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land, Judge Brewer went on to affirm that “when a lawful use is by statute made unlawful and forbidden and its value destroyed, the public shall make compensation to the individual." And, finally, he re-affirmed his position in this boldest declaration of all:

"We must recast some of our judicial decisions; and if that be not possible, we must rewrite into our Constitution the affirmations of the Declaration of Independence, in language so clear and peremptory that no judge can doubt or hesitate and no man, not even a legislator, misunderstand. I emphasize the words clear and peremptory, for many of those who wrought into the Constitution the Fourteenth Amendment believed that they were placing therein a National guarantee against future State invasion of private rights, but judicial decisions have shorn it of strength, and left it nothing but a figure of speech.'

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The difference between the American and British attitude toward this question of compensating persons engaged in the liquor traffic, in the event of the legal extinction of their business, is marked and extraordinary. We are often accused of playing the "sedulous ape" to the Englishman in matters of fashion, etc., and it seems that we might profitably take an occasional lesson from him in the province of government. Certainly the British position on this question of compensation is in accord with simple justice and reflects credit on the national sense of honor and equity. Look at the contrast. In this country immense property interests are wiped out by prohibitory laws and not a dollar allowed for compensation, the highest Court in the land having affirmed the legality and justice of such virtual confiscation. In England, on the contrary, public sentiment favors the principle of compensation—the measure of such compensation was about the only question at issue regarding the Licensing Bill lately rejected by the Lords, both parties being agreed as to the principle of indemnification.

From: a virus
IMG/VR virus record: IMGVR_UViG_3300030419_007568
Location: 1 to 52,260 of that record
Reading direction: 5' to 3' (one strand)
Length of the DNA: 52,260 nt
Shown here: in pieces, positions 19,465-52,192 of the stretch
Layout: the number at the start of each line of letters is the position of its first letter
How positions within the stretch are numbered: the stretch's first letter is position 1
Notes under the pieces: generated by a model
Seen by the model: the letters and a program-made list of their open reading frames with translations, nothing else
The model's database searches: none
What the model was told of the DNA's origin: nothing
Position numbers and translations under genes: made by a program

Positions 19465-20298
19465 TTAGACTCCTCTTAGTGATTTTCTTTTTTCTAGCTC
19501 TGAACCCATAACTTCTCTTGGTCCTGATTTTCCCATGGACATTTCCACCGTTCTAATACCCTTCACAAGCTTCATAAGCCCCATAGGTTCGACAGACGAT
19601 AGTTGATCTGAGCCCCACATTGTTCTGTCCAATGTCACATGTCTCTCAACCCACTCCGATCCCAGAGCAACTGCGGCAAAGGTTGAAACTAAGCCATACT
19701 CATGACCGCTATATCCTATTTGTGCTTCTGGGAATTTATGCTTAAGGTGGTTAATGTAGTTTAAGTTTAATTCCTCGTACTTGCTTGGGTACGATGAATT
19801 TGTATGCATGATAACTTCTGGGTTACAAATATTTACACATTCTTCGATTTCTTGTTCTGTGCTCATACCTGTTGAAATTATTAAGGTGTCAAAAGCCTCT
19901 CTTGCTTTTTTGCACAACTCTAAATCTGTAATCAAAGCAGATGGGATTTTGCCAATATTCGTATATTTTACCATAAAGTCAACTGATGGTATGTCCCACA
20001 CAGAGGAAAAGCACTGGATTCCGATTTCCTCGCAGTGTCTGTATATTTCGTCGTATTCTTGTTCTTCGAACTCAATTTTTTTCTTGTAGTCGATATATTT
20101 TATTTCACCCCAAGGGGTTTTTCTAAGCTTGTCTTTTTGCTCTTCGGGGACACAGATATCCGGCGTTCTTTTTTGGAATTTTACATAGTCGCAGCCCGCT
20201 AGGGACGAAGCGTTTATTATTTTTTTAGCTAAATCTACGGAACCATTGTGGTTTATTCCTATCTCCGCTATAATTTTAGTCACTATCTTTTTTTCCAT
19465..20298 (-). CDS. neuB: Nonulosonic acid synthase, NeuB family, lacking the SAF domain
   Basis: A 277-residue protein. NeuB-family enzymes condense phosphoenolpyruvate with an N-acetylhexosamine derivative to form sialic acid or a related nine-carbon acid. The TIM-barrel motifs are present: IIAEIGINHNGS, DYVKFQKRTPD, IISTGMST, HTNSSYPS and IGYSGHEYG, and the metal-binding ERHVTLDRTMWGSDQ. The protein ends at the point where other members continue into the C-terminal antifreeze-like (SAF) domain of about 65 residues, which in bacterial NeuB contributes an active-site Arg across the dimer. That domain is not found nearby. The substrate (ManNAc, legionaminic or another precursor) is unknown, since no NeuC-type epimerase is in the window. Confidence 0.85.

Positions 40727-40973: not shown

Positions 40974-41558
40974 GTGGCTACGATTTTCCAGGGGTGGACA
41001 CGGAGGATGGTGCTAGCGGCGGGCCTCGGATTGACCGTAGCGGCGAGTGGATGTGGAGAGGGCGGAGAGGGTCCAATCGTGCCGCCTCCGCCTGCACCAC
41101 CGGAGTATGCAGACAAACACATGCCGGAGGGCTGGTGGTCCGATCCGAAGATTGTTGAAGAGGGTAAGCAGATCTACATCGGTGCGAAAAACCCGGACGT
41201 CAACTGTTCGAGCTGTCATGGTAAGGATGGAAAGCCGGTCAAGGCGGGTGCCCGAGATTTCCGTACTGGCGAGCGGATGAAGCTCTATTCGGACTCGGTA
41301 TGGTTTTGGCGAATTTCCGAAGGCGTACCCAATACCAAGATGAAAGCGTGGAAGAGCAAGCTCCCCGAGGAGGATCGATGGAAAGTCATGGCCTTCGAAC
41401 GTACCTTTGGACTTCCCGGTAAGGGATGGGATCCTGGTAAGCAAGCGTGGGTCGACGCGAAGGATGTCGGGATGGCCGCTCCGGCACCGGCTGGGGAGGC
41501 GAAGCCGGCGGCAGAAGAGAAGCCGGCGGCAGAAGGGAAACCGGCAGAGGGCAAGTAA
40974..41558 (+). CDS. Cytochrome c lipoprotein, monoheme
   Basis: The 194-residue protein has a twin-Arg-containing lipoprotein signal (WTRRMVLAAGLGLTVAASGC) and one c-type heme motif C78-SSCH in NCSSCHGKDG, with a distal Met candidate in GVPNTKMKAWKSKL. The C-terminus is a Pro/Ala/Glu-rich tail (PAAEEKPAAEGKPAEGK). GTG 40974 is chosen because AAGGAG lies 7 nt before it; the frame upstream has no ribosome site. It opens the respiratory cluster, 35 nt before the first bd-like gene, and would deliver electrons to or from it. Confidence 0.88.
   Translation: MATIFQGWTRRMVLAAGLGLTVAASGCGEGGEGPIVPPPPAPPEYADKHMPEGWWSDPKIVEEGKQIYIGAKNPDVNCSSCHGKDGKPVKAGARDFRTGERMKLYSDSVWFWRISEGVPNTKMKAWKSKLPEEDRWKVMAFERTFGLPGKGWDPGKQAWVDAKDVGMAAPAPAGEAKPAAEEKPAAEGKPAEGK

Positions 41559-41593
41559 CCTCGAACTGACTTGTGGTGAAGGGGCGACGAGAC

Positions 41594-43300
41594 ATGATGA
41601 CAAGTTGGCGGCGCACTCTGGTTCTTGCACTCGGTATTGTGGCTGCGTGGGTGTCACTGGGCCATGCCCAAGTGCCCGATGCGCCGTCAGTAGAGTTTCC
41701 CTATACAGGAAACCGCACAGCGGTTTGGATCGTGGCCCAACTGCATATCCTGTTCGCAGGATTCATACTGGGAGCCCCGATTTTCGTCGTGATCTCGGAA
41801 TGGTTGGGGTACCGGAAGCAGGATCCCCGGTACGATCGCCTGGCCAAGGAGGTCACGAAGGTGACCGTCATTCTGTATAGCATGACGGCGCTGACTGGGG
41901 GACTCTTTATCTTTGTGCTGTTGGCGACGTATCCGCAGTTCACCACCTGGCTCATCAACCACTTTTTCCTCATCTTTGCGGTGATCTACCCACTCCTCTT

When the bill was introduced in February last (1908), Chancellor Asquith called attention to the fact that licenses were extinguished without compensation in the United States and in some of the British Colonies, and that legally such an enactment would not be wrong. But he added, “We think, and rightly in my opinion, that not only policy but equity demands a fair recognition

of the expectations upon which this industry has so long been conducted."

It may be needful to point out that nothing like the American idea or system of prohibition prevails in England. The bill rejected by the Lords simply gave to each community the right to say that there should be no increase in the number of licenses and it provided for a gradual reduction of the number of public houses, allowing a certain compensation to the holders of extinguished li


Moderate as this proposal was, being strictly in the line of regulation, it failed to find favor with the English people whose reverence for property and vested rights has often figured in the making of history. It is conceded that the Peers would not have dared to reject the bill had they not felt that the overwhelming mass of public sentiment was behind them.